A Closer Look at Jones v. Bush:
Jim excerpts Beldar's post on Harriett Miers' victory in the Jones v. Bush litigation in 2000. I noticed that Beldar didn't dwell on the legal questions litigated in the case, so I decided to take a closer look. My tentative conclusion: The Jones case seems pretty straightforward, and it's hard to draw much of a conclusion about Miers' legal skills from the opinions that were filed and the decisions that were reached.

  In this case, three Texas residents tried to alter the outcome of the 2000 Presidential election on the theory that Dick Cheney was a Texan. Cheney was a Texan, they contended, because he had lived in Texas when he was the head of Halliburton. Texas electors could not vote for the combined Bush/Cheney ticket if Cheney was from Texas because the 12th Amendment states that "[t]he Electors shall meet in their respective states, and vote by ballot for President and Vice-President, one of whom, at least, shall not be an inhabitant of the same state with themselves[.]"

  The trial court easily and properly rejected the plaintiffs' claim. First, the three Texas residents lacked Article III standing to sue:
  Because plaintiffs have failed to demonstrate a specific and individualized injury from the impending alleged violation of the Twelfth Amendment and are unable to show personal injury through harm done to non-defendant candidates, the court holds that they do not have standing under Article III to bring this suit.
  Second, Cheney was an inhabitant of Wyoming, not Texas:
  The record shows that Secretary Cheney has both a physical presence within the state of Wyoming and the intent that Wyoming be his place of habitation. It is undisputed that he was born, raised, educated, and married in Wyoming and represented the state as a Member of Congress for six terms. After additional public service, he eventually moved to Dallas, Texas to become the Chief Executive Officer of Halliburton Corporation ("Halliburton").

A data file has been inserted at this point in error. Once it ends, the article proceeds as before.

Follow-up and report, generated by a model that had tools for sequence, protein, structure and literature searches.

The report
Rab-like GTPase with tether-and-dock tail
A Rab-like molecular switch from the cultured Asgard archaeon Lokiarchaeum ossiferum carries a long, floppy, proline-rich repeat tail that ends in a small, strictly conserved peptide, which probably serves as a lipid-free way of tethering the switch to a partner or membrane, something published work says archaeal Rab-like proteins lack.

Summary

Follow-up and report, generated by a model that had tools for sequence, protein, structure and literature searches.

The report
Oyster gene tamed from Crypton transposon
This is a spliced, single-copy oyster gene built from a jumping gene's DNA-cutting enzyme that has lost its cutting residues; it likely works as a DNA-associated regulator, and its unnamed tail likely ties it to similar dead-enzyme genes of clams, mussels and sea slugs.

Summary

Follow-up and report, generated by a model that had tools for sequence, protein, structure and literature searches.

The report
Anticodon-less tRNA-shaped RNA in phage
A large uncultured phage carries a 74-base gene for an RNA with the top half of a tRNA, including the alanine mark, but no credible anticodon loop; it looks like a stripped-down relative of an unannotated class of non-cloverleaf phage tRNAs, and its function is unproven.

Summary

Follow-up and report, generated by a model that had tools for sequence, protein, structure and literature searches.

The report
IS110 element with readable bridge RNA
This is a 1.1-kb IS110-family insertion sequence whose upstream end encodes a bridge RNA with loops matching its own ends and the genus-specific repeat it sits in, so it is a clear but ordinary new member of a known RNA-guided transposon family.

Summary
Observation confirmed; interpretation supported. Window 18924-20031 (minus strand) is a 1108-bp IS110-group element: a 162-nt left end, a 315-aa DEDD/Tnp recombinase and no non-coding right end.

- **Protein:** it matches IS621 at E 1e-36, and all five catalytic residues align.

On or about July 21, 2000 Secretary Cheney declared his intent to return to his home state of Wyoming. On or after that date, and before today, he traveled to Wyoming and registered to vote there, requested withdrawal of his Texas voter registration, voted in Wyoming in two elections, obtained a Wyoming driver's license (which, in turn, resulted in the voiding of his Texas license), and sold his Texas house. He advised the United States Secret Service that his primary residence is his home in Jackson Hole, Wyoming, and he retired from employment with Halliburton.
  The Fifth Circuit then heard a very quick appeal. The district court decision had come out on December 1, 2000, and the Fifth Circuit heard argument and entered a one-line affirmance on December 7th: "All requested relief is DENIED." The plaintiffs filed an emergency petition asking for more time to file a cert petition just a few days before the Texas electors were to meet, but the Supreme Court denied it. A cert petition was eventually filed — I'm not sure exactly when — but it was denied after the electors had met on December 18th.

  Perhaps Beldar intends his post to be tongue-in-cheek, so maybe I'm just not getting the joke by looking at the merits. If so, my apologies. But I don't think the opinions in this case provide a lot of insight into Miers' skills in constitutional law. I haven't read the briefs, so maybe there was a lot more to the case than I can see from the opinions. (I tried, but can't get the briefs via my Westlaw subscription.) And to be clear, I have heard (and don't doubt) that Miers was a very solid litigator. But three random dudes were trying to overturn a Presidential election on the theory that Dick Cheney was a Texan, and it was pretty clear that Cheney just wasn't a Texan. If there were tricky legal issues in the case, they're not obvious to me; the lack of standing was pretty clear, and it's hard to imagine a legal definition of "inhabitant" under the Twelth Amendment that could have made Cheney a Texan given the factual record. Nor am I sure what legal issue could have been presented in a petition for certioriari, as the district court decision was pretty fact-specific.

  Based on the opinions that were filed, at least, it seems to me that Miers' victory in Jones v. Bush doesn't give us a lot of insight one way or the other. Maybe I'm missing something, but that's my tentative sense of things.

Related Posts (on one page):

  1. A Closer Look at Jones v. Bush:
  2. Beldar Defends Miers' Litigation Skills.--